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March 28, 2009
After struggling through the domestic season and missing the home series against West Indies, the good times are back for Chris Martin. When Yuvraj Singh edged him to Tim McIntosh at second slip, Martin became the fifth New Zealand bowler to take 150 Test wickets. He took two more before the end of the day to finish with figures of 3 for 89 and give New Zealand an excellent chance of levelling the series.
Looking back at the landmark, Martin said he didn't expect to get an opportunity this season after question-marks about his form. "Sort of around December I wasn't thinking that I would be able to get back and get another crack at it. I suppose the graft this summer has been to get on the park against India and do well," said Martin.
He indicated the pitch in Napier did offer some assistance and that the new ball had proved to be crucial. "I think with the new ball occasionally you get one to stand up and do a little bit more than perhaps with the older ball," he said. "But I think it's still a pretty good wicket, the odd one I suppose is a little bit low or little bit high, but I don't think that's going to come into play yet.
"The way the modern player plays is to hit boundaries, and it's the same with the Indian batsmen. If you put it full enough and out there, they back their ability to hit it to the boundary. I suppose you have got be a little bit more calculative, take your time, and make sure you have got used to the conditions before you play those shots. The new ball definitely put some doubt in the players' minds."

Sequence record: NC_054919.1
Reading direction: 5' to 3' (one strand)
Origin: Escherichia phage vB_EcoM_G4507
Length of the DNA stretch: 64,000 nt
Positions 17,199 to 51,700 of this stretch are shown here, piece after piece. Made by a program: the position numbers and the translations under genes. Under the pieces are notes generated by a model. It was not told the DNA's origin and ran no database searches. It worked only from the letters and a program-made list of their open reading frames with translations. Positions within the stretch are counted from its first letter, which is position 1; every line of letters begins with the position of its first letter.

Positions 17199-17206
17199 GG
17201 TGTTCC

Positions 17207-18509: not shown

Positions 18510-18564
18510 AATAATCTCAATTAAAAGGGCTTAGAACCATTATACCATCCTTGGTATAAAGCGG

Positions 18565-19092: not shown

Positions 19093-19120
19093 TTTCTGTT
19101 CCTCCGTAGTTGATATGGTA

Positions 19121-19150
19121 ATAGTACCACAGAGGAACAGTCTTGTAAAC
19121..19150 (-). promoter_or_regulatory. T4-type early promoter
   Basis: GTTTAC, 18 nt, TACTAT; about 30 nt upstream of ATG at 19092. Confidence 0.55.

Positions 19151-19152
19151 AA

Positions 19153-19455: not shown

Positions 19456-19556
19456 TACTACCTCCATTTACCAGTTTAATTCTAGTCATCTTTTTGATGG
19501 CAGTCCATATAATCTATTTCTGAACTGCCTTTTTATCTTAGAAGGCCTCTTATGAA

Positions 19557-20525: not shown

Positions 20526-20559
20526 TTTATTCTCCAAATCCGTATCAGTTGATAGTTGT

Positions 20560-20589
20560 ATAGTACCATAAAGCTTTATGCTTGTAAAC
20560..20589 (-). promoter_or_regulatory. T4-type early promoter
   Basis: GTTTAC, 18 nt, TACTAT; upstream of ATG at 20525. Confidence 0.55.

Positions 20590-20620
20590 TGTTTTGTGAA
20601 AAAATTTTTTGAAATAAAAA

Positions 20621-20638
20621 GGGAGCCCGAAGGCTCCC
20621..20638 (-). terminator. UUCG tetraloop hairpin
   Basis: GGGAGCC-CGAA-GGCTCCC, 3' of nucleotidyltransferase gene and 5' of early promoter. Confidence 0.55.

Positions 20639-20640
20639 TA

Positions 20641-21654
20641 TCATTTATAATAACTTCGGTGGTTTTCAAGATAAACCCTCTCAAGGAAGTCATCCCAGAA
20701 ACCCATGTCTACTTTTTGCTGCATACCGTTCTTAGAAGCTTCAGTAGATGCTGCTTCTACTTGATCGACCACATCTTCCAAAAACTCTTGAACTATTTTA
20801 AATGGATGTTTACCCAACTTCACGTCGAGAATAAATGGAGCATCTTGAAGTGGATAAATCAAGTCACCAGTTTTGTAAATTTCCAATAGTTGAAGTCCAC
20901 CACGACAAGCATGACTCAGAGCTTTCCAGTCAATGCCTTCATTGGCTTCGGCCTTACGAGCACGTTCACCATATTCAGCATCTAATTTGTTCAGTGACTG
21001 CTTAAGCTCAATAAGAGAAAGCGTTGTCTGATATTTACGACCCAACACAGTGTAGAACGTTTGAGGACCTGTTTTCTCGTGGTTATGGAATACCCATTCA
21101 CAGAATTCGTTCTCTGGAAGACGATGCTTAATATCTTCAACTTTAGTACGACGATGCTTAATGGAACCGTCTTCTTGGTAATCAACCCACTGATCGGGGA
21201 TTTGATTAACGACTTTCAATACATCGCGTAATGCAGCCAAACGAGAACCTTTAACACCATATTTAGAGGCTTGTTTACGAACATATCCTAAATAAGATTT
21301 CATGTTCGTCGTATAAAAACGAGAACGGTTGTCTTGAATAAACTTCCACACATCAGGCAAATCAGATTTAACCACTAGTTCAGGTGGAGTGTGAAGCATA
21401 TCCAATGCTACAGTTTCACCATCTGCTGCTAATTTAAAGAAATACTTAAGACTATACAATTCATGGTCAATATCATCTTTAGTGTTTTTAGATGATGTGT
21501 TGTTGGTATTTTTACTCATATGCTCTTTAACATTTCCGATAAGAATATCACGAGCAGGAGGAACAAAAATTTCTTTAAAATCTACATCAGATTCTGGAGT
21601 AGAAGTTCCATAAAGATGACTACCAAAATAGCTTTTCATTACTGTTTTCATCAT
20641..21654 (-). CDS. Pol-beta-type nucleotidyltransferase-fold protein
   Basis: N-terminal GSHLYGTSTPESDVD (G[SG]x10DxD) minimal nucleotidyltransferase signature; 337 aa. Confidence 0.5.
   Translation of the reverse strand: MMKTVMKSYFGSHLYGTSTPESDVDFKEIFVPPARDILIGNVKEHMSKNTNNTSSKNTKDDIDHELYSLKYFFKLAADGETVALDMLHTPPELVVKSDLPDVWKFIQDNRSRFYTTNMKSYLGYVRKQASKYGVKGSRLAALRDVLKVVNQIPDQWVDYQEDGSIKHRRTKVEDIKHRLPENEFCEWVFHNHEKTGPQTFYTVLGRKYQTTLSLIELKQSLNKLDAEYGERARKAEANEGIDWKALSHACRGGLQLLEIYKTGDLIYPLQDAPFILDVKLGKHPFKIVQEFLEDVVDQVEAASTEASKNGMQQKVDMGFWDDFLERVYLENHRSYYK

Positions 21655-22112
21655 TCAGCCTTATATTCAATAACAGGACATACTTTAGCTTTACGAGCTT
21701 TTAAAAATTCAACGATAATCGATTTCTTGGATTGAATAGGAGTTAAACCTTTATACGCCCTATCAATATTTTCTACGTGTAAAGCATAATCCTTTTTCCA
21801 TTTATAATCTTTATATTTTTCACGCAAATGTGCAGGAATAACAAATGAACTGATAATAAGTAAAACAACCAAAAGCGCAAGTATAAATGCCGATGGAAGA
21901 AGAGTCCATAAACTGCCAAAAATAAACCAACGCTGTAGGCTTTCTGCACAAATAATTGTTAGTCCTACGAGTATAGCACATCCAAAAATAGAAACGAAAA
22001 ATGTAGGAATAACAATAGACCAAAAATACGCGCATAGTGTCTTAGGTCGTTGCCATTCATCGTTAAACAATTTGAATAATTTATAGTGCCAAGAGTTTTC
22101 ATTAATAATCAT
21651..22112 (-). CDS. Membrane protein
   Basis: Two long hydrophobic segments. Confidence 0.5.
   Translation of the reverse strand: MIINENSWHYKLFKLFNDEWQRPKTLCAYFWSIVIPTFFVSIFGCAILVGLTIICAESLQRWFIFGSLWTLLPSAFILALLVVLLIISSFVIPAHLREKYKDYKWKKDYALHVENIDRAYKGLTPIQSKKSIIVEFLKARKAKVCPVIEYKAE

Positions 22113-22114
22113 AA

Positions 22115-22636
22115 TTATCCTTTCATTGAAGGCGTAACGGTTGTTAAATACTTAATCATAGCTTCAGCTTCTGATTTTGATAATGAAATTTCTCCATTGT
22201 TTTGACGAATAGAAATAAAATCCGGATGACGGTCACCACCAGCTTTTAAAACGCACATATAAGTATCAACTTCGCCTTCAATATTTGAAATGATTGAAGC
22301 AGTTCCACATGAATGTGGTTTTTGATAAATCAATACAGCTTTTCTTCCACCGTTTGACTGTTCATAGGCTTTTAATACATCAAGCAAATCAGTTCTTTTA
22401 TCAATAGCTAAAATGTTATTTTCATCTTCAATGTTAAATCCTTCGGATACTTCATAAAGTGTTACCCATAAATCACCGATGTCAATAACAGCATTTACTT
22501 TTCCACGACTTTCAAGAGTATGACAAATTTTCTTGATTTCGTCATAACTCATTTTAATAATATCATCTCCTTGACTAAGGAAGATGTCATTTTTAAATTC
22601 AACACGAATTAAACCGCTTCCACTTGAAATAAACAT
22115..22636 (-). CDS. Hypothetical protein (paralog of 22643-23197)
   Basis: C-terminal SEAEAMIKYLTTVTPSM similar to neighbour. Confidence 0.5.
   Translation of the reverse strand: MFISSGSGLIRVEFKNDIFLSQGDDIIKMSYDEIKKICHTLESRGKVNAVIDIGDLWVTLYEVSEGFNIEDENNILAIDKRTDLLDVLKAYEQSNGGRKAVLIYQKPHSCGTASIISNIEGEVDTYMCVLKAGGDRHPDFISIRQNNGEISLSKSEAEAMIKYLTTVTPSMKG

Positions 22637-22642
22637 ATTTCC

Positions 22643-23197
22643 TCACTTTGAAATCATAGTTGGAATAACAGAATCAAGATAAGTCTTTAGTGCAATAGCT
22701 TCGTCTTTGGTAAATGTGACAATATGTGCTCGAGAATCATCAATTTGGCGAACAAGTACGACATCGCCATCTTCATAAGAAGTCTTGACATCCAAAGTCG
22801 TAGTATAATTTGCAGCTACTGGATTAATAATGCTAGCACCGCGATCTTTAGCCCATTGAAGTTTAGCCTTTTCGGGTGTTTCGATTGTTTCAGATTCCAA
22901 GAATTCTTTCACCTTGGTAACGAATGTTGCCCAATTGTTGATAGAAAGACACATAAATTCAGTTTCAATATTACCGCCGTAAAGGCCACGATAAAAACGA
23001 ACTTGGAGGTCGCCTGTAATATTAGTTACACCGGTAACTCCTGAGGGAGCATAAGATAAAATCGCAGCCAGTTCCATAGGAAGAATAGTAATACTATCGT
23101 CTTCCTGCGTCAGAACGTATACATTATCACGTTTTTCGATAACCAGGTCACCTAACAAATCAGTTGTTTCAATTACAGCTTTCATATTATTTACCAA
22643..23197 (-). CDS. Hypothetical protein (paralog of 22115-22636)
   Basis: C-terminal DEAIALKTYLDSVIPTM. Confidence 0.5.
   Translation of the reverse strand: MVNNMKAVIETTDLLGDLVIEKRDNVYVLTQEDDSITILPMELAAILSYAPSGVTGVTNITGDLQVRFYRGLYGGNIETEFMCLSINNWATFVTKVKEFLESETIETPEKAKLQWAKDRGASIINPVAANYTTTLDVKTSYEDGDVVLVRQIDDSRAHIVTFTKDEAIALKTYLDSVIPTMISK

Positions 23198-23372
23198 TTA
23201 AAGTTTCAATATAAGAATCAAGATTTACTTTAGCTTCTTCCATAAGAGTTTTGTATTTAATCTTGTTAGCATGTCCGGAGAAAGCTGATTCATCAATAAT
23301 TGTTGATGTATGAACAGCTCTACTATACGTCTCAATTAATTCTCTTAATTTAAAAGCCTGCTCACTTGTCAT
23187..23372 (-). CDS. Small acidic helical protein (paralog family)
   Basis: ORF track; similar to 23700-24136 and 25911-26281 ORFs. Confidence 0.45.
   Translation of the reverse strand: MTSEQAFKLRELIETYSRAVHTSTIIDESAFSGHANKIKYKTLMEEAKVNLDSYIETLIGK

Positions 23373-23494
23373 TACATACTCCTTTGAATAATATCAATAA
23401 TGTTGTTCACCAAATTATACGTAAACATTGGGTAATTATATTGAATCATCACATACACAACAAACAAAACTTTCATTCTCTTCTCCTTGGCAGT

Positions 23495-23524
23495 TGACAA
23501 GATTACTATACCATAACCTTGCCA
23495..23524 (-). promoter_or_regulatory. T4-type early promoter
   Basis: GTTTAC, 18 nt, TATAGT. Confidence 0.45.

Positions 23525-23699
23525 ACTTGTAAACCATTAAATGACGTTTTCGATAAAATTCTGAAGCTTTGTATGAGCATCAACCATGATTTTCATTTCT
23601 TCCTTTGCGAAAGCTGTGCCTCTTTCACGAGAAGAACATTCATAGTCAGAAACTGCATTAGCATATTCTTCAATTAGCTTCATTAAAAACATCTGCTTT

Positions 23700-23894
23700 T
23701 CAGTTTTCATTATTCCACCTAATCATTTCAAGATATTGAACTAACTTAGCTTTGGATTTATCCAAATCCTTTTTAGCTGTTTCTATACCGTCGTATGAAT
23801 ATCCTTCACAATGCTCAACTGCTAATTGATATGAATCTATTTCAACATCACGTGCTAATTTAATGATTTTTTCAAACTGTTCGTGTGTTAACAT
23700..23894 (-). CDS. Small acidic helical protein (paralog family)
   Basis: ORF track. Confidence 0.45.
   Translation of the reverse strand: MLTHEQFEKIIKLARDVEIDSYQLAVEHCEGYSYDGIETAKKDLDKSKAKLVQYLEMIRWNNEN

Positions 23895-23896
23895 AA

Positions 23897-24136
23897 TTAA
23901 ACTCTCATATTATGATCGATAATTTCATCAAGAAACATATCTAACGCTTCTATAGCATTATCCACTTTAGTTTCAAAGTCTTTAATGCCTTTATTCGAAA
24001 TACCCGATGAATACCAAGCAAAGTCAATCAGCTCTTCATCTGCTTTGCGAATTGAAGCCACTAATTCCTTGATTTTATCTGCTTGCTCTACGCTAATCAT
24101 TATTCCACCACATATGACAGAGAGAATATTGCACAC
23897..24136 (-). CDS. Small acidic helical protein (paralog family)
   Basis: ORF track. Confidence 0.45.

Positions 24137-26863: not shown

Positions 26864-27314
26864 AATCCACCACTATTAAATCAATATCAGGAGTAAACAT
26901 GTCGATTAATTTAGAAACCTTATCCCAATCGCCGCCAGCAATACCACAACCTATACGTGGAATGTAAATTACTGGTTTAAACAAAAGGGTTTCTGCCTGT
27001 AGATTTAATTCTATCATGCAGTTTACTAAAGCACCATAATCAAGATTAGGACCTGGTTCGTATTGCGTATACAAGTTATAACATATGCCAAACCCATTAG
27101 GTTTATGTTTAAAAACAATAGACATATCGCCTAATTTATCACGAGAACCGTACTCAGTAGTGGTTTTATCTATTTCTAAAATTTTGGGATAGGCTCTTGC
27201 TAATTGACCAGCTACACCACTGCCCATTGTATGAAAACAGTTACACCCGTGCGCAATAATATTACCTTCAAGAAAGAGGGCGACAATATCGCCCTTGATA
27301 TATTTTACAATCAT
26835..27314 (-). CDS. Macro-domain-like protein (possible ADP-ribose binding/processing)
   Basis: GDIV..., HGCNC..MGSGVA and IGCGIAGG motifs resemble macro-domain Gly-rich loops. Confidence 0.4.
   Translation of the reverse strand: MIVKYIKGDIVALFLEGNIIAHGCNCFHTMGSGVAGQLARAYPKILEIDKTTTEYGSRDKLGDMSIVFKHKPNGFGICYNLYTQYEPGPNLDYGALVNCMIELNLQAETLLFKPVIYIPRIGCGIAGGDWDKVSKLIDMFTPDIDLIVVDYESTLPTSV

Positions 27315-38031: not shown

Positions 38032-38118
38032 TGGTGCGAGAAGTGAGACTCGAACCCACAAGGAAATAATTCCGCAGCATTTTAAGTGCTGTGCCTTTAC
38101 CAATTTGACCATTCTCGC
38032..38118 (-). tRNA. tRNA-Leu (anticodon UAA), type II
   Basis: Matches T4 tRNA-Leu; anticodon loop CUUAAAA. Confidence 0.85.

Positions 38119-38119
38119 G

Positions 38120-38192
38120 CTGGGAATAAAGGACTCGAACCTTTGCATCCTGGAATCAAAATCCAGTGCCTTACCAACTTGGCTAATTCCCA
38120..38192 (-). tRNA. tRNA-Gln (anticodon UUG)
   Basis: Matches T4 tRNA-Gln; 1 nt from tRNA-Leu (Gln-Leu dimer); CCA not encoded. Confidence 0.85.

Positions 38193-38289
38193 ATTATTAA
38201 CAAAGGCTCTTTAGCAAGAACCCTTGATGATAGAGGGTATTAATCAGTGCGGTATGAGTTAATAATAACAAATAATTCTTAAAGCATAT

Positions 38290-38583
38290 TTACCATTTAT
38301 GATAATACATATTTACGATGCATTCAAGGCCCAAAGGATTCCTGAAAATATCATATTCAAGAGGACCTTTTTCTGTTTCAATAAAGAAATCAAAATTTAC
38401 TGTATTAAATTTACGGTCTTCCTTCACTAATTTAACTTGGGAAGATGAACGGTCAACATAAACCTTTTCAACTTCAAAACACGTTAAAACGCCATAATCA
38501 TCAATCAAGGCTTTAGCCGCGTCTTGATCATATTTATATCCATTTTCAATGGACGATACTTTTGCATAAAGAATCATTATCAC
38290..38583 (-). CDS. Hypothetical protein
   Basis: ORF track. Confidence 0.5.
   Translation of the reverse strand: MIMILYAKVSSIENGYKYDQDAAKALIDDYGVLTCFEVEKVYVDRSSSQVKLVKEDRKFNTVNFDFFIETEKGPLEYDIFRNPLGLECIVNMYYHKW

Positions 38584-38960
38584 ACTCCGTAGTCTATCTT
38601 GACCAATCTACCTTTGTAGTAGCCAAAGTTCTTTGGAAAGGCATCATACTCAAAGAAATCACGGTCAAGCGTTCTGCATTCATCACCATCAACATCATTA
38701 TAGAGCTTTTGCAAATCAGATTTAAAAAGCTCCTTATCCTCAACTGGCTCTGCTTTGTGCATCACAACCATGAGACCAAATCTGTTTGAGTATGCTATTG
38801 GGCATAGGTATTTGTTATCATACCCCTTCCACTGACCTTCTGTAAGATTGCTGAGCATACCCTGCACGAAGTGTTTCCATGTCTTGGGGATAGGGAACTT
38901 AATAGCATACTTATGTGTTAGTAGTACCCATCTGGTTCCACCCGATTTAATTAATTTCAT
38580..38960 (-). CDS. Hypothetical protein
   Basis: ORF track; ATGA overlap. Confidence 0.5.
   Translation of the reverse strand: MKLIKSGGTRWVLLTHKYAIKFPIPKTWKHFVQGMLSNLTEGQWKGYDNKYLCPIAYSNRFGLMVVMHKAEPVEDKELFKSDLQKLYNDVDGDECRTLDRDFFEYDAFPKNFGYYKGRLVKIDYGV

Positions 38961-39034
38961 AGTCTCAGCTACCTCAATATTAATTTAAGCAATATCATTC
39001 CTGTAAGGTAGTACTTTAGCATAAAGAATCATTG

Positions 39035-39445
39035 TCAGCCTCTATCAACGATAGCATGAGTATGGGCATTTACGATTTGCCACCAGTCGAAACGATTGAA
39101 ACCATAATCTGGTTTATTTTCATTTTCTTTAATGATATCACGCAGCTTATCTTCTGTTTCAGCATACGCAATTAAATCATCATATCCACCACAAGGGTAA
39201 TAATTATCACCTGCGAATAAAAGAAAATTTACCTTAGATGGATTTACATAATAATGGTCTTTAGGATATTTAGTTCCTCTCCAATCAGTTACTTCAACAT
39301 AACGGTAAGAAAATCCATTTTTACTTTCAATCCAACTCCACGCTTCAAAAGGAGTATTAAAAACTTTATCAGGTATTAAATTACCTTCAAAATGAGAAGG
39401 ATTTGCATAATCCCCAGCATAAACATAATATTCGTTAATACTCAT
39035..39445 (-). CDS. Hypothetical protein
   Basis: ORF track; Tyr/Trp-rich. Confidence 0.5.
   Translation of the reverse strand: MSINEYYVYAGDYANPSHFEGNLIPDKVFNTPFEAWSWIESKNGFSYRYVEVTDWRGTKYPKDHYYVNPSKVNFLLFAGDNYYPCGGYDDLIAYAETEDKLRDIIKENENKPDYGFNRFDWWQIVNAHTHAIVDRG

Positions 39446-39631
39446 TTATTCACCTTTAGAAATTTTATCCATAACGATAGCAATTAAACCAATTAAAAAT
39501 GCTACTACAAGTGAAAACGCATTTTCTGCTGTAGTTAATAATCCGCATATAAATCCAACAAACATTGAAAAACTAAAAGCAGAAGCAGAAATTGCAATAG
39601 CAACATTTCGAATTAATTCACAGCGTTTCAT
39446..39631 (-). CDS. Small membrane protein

He believed the big difference in the New Zealand side between the first Test in Hamilton and Napier had been the maturity level in batting. "It's given everyone a huge life to watch three guys [Jesse Ryder, Ross Taylor and Brendon McCullum] play with the level of confidence and maturity and actually stay at the crease for that amount of time. That has been the major difference, and any side that's coming in, perhaps with 600 to chase, is going to find it a little bit more tough.
He also praised the spin department and their part in edging New Zealand closer to their first Test win in Napier. "[The spinners were] exceptionally important. Dan [Vettori] basically attacks and Jeetan [Patel] operates the same way. If you can keep a quality player from getting his fix from the boundary, it puts a lot of pressure on him. The scoreboard doesn't go anywhere. When you do pick up wickets, it tends to stagnate sides. I am pretty sure tomorrow will be the same plan and keep the pressure on."
Martin said that despite the heavy defeat in Hamilton, the players still believed they could turn it around before the start of the second Test. "There was belief, but to actually go and do it, and to actually have the best of last three days, is something we all aspire to do," he said. "We are half there. The hard graft is to actually back it up tomorrow."
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